Using concreteness in education: Real problems, potential solutions

Megan C. Brown, Nicole M. McNeil, Arthur Glenberg

Research output: Contribution to journalArticlepeer-review

59 Scopus citations


A growing body of research suggests that the use of concrete materials is not a sure-fire strategy for helping children succeed in the classroom. Instead, concrete materials can help or hinder learning, depending on a number of different factors. Taken together, the articles in this issue highlight the complexities involved in using concrete materials in the classroom and warn educators and researchers that students' learning from concrete materials can be derailed in a number of ways, such as (a) choosing the wrong types of materials, (b) structuring the environment in ways that do not support learning from concrete materials, and (c) failing to connect concrete representations to abstract representations. Each of these problems is discussed and some potential solutions are offered.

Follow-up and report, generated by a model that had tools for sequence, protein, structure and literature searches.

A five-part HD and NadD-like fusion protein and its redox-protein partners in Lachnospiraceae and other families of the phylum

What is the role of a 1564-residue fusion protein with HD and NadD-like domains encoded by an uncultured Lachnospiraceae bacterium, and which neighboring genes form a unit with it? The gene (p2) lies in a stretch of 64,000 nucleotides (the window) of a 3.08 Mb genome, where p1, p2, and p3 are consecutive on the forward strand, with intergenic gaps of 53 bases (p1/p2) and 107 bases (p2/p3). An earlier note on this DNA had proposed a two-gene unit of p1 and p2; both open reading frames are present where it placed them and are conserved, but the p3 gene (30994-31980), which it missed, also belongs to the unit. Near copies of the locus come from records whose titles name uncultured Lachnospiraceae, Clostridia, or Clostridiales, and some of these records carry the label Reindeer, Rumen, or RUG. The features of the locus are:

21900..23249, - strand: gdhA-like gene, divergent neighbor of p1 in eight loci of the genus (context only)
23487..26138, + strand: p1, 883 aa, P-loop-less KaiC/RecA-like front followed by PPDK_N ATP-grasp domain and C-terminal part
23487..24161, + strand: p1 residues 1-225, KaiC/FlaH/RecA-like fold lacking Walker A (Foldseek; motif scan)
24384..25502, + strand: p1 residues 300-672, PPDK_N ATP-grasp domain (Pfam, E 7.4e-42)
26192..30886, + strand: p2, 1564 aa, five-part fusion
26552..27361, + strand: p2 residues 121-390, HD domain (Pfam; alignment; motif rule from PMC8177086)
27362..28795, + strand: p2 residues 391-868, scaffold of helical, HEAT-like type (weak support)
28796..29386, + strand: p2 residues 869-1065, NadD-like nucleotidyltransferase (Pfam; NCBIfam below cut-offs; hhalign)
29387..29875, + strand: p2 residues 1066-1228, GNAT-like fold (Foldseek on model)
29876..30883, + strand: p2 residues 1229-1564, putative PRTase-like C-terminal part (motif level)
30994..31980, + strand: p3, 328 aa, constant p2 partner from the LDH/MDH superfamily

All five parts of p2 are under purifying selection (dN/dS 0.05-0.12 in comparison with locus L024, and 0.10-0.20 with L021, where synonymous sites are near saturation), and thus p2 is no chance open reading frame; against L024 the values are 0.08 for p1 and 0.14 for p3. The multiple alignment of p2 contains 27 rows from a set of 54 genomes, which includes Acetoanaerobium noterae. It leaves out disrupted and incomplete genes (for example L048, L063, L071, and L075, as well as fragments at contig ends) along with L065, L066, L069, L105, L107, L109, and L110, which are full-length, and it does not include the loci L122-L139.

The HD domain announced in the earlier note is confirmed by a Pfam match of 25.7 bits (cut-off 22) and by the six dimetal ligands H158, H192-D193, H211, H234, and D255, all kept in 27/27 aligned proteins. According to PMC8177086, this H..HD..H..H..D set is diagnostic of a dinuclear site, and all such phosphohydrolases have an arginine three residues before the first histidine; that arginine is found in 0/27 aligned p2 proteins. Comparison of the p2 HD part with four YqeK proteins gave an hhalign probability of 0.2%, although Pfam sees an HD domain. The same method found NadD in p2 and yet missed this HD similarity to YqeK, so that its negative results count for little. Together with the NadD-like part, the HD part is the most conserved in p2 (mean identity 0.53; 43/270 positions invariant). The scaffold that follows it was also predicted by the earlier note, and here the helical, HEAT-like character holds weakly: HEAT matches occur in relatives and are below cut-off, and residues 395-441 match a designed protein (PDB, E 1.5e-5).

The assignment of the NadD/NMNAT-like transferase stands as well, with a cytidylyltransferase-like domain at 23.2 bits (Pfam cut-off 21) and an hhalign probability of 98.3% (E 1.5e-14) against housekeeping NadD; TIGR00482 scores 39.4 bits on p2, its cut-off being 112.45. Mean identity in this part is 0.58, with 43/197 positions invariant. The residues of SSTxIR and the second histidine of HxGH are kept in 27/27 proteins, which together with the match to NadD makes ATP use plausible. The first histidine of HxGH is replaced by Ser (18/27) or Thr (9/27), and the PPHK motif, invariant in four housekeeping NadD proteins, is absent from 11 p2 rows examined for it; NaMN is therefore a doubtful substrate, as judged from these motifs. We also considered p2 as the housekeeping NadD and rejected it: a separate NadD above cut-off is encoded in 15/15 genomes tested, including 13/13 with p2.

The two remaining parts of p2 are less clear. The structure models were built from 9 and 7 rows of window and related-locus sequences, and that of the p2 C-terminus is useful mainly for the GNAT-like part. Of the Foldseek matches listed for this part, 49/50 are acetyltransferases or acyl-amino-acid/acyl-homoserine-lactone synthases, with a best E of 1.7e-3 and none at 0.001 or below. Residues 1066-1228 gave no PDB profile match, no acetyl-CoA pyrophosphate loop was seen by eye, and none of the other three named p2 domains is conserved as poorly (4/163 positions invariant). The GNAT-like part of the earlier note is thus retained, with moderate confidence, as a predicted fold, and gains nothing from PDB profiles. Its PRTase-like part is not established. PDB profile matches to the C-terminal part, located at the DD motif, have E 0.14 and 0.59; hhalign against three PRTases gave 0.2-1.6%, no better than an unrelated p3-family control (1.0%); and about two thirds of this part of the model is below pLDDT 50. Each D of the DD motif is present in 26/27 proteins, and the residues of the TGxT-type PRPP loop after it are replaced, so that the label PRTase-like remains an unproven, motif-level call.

Original languageEnglish (US)
Pages (from-to)160-164
Number of pages5
JournalChild Development Perspectives
Issue number3
StatePublished - Dec 2009


  • Manipulatives
  • Mathematics
  • Representation
  • Symbols
  • Transfer

ASJC Scopus subject areas

  • Pediatrics, Perinatology, and Child Health
  • Developmental and Educational Psychology
  • Life-span and Life-course Studies


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